Immigrant detention is increasing again and so are COVID-19 infections

Throughout the last year, the number of people being held in immigration detention facilities fell. Starting at about 38,000 last March, the number of people being held in detention at the end of February this year was just below 13,000. As we reported throughout the year, the decline was the result of border policies, specifically Title 42 – a controversial public health order under which people are denied access to regular immigration processing, including the right to request asylum. Under Title 42, people have been summarily expelled when encountered at the border- almost all of them within 2 hours of being picked up. A smaller number of people, primarily those who cannot be returned to Mexico, including those from Haiti, are detained for a few weeks before being expelled. 

Under Trump, over 600,000 people were expelled under Title 42 – which meant 600,000+ people that would have been detained for some amount of time under “normal” circumstances, never entered the system.

Since President Biden came into office, Title 42 expulsions have continued, but the percentage of people expelled under Title 42, versus those placed into regular immigration processing channels (“Title 8”) has fallen off – even as the total numbers have gone up all around. In October, 91% of Border Patrol arrests led to immediate removal under Title 42. In March and April, 63% of arrests led to Title 42 removal.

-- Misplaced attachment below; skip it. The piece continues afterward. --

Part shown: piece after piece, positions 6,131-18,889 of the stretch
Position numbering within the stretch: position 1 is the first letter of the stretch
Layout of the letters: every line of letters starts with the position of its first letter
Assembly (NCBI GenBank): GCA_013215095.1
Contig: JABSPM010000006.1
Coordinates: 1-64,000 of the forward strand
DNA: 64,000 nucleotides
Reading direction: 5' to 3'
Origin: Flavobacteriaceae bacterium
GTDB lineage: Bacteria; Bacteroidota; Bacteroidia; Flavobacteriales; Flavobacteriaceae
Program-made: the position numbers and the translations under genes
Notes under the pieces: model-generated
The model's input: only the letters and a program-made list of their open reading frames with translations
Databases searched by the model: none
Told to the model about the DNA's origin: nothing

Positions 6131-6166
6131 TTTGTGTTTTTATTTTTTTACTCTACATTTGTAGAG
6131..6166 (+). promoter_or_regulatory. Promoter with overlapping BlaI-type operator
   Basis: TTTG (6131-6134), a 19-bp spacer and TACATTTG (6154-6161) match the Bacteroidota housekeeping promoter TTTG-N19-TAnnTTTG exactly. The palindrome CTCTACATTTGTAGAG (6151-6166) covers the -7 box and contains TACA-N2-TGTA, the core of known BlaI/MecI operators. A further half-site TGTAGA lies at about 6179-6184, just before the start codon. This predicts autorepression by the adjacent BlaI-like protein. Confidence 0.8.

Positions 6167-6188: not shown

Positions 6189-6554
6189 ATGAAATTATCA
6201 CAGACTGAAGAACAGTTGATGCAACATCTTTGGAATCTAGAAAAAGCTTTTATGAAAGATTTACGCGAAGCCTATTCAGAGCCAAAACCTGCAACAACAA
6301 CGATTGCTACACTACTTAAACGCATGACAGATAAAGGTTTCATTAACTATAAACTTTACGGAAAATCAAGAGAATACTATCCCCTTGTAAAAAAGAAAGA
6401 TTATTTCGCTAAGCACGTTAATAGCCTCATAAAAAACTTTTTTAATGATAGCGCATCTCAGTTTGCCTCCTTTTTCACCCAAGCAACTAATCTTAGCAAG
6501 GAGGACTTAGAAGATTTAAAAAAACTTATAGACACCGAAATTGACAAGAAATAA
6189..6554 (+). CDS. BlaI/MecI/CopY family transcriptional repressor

The result of more people being redirected into Title 8 processing is an increase in detention. The number of people being held in detention at the end of the first week in May was over 19,000. This represents a 50% increase in detention since Biden took office. This is true, even though Biden issued new enforcement parameters that have seriously reduced internal enforcement arrests (“ICE” in the chart below). As we can see from the table, the increase in detention is all the result of border arrests and transfers from Customs and Border Protection (CBP).

As detention numbers increase, it raises concerns again about exposure to COVID-19 inside detention facilities. Over the course of last year, ICE did very little to adjust its procedures to protect people. It continued to transfer people from facility to facility, it continued to deport people, and within facilities, there was little access to protective equipment and COVID testing. The result was that ICE detention centers became COVID-19 hotspots, leading to the highest annual death rate in years. An investigative report by Detention Watch Network concluded that “between May 1 and August 1 [2020]….ICE detention facilities were responsible for over 245,000 Covid-19 cases throughout the country.” 

Finally, the New York Times reported on the spread of COVID-19 around the world as a result of ICE detention practices and deportations.